Take another print from the negative in its present form and compare. If the highlights are too strong, reduce with a rubber eraser — sponge rubber is best for the purpose. Now it may well be that there are some portions of the negative in which highlights are a bit too strong — these can be darkened by means of a tiny bit of vaseline. Wind cotton about a match, and put the least possible quantity of white vaseline on the cotton. With this, smear over the paper over the too dense highlight. It will make the paper more transparent in that particular place, thus permitting more light to get to that particular highlight, thus making it print darker.

Of course, there are many ways of doing this sort of work besides that mentioned. A very good way is to use a sheet of ground glass, ground side out, and bind it to the negative on the back. Working with pencil or stomp on this is just as easy as on paper, and has the added advantage of removing the faking by the thicknesses of two glasses instead of one from the film. But the same thing is sometimes a disadvantage — it is difficult to get a sharp contrast by faking on the bound on ground glass, for that very reason of there being two glasses between film and pencil marks.

Yet if ground glass apepals more than paper, the use of ground glass substitute is indicated. This solution can be purchased of stock houses or may be made up at home. Wilson’s “Photographic Encyclopedia” gives the following formula for making ground glass substitute, which is very satisfactory:

Sandarac — — — 18 grains
Mastic — — — 4 grains
Ether — — — 200 minims
Benzole — — — 100 minims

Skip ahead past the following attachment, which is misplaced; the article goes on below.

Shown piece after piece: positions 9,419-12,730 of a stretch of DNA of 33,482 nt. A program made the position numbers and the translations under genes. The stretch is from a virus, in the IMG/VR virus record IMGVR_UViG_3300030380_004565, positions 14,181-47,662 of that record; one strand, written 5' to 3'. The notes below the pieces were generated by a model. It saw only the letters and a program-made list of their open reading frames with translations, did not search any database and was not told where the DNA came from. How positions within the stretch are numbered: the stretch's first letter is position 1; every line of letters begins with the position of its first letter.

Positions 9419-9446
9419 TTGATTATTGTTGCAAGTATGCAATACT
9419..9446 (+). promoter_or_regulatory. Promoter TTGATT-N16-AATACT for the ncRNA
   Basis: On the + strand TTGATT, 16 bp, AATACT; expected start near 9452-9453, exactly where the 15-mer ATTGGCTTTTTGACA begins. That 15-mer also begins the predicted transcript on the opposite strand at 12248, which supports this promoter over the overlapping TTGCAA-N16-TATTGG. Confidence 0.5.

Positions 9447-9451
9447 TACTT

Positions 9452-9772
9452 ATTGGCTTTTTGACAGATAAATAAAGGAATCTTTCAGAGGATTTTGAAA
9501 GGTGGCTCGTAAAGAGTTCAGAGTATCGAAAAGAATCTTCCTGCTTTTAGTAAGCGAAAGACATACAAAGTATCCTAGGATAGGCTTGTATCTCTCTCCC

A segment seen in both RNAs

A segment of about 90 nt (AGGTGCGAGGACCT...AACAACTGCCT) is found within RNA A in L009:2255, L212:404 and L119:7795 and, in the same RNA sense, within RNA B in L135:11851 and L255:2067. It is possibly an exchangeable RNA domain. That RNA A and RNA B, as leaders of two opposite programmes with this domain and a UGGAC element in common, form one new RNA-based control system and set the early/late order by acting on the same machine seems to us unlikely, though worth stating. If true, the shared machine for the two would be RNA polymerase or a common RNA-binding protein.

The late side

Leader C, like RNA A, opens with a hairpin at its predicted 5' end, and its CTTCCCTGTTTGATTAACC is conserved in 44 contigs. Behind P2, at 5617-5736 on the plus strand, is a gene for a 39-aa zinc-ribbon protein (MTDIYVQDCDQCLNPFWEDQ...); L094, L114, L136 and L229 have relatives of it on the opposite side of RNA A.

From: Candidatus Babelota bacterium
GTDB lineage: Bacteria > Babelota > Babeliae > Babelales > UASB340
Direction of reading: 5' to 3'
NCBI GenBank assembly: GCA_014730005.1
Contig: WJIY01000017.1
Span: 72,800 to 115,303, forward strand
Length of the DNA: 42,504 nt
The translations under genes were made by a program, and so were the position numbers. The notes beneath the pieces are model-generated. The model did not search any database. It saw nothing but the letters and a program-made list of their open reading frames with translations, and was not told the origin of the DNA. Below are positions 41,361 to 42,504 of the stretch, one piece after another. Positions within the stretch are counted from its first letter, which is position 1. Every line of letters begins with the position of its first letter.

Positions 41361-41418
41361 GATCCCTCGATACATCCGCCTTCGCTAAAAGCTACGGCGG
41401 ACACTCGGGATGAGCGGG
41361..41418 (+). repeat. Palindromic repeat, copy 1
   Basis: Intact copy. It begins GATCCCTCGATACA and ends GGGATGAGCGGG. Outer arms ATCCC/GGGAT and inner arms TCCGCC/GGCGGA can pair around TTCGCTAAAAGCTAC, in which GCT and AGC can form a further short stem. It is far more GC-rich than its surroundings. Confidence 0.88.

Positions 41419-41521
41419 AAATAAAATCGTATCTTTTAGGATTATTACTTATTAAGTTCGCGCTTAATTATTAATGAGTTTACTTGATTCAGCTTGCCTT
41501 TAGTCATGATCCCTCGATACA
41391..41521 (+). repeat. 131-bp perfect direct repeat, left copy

This is a clear solution which dries almost immediately, leaving a milky deposit of fine crystals behind it, which simulates the appearance of ground glass very closely. In practice a pool of this liquid is poured onto a slightly warmed plate, on the glass side, and allowed to spread to the corners, the surplus being returned via the corner to the bottle, very much as if varnishing the surface of the plate, for retouching. The fluid is inflammable, and should not be used near a flame. It should be allowed to set for half an hour at least before use to get bone dry. Ether on a cotten swab will remove it from the fingers or the back of the plate, should it be desired to get it clean again. It can be marked and worked upon much as ground glass, but vaseline does not clarify it as well as it does ground glass itself.

Let us turn from work upon the back of the negative to work upon its face. This comes within the domain of retouching, yet stomp work with fine polishing powder for mechanical reduction and water color work are not usually done by retouchers on landscape negatives. The polishing powder should be the finest obtainable — either in the form of a jeweler’s rouge or in some silver polish in paste form, which is absolutely grainless. Such powders are made by water precipitation of an abrasive, only the finely divided particles which remain in water mixed with the abrasive, being used. The water, turbid with the fine abrasive, is poured off the balance of the abrasion and allowed to evaporate — what is left is the jeweler’s rouge. Mixed with vaseline or other grease, it becomes a polishing paste.